The Early Silurian Gun River Formation of Anticosti Island, eastern Canada: A key section for the mid-Llandovery of North America
Copper, Paul; Long, Darrel G.F.; Jin, Jisuo
Newsletters on Stratigraphy Volume 45 Number 3 (2012), p. 263 - 280
published: Nov 1, 2012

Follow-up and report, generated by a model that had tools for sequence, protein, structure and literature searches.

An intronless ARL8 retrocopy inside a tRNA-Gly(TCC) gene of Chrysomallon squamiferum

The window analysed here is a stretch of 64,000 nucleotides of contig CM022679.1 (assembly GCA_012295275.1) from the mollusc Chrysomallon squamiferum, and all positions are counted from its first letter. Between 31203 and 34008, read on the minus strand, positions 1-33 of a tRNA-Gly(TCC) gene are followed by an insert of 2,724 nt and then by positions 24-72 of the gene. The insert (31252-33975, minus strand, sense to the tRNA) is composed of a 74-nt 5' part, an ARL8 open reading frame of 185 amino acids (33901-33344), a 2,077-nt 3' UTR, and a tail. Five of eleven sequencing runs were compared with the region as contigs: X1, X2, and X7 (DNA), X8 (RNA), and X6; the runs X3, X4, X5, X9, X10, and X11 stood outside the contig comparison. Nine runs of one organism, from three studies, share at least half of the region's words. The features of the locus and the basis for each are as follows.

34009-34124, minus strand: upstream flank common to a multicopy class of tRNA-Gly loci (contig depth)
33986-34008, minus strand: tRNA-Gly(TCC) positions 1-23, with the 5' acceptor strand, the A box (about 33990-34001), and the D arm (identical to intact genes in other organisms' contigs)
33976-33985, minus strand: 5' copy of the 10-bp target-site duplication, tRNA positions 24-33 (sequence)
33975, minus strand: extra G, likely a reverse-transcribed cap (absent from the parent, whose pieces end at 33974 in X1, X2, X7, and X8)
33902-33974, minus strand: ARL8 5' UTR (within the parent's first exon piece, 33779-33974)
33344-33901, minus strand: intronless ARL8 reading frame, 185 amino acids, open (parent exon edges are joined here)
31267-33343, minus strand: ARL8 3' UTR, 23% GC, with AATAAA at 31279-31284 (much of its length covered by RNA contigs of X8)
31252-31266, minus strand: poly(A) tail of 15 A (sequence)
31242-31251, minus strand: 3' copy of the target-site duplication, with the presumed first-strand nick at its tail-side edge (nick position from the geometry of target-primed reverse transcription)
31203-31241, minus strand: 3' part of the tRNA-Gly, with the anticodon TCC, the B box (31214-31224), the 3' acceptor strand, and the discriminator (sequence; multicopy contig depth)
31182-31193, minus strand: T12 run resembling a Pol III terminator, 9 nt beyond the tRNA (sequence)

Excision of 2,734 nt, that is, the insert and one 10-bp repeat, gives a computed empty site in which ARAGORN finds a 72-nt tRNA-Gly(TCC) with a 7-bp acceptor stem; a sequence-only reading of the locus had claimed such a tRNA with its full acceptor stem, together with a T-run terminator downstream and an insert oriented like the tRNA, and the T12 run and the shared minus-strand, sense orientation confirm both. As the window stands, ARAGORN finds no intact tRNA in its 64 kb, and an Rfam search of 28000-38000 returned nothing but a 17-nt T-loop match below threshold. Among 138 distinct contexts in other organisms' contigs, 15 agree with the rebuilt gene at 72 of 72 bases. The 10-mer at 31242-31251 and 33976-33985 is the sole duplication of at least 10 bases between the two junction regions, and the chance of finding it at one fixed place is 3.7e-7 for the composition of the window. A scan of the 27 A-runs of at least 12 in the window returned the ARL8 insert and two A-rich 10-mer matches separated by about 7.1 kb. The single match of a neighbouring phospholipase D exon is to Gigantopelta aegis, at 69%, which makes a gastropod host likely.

The 85-100 m thick carbonate succession of the Gun River Formation is revised on the basis of nearly continuous cliff sections measured on the northeast coast, and a re-analysis and re-measurement of the stratotype sections on the southwest coast of Anticosti island, Québec. The Gun River Formation (Llandovery: lower Aeronian) is herein formally divided into four members, from the base up, the Lachute, Innommée, Sandtop and Macgilvray members. The formation characterizes a generally deepening phase on the northwestern shelf of Laurentia, bordering the Iapetus ocean in this region. Since the base of the formation is located ca. 150 m above the O/S boundary, it provides fresh data as to the nature of the Early Silurian transgression, radiation, and re-invasion of shelf communities following the Late Ordovician mass extinctions. The Gun River strata were deposited in a mid- to distal, tropical, very gently sloping (< 1-3 m per km), carbonate ramp or shelf, some 40-80 km offshore from the stable Laurentian craton, and at water depths of 30 to 60 m. Much of the formation consists of rhythmically deposited, light grey micrites (with fissile muddy partings), and minor calcareous mudstones, punctuated by abundant hardgrounds, intraformational conglomerates, and shell-beds. The fauna of brachiopods and corals is generally of low diversity, marking a turnover from a latest Rhuddanian community (Merrimack - lower Gun River Fm) to a more diverse midAeronian fauna (top Gun River - lower Menier Fms) when large pentamerids become abundant. This indicates gradual changes rather than abrupt invasions, sustained deposition, and lack of major sedimentary gaps between stratigraphic units. The absence of shallow water reefs, skeletal stromatolites, and ooid or oncoid shoals, also suggests deposition near or periodically below the storm wave base on a carbonate platform in southern tropical latitudes at 20°-25° S.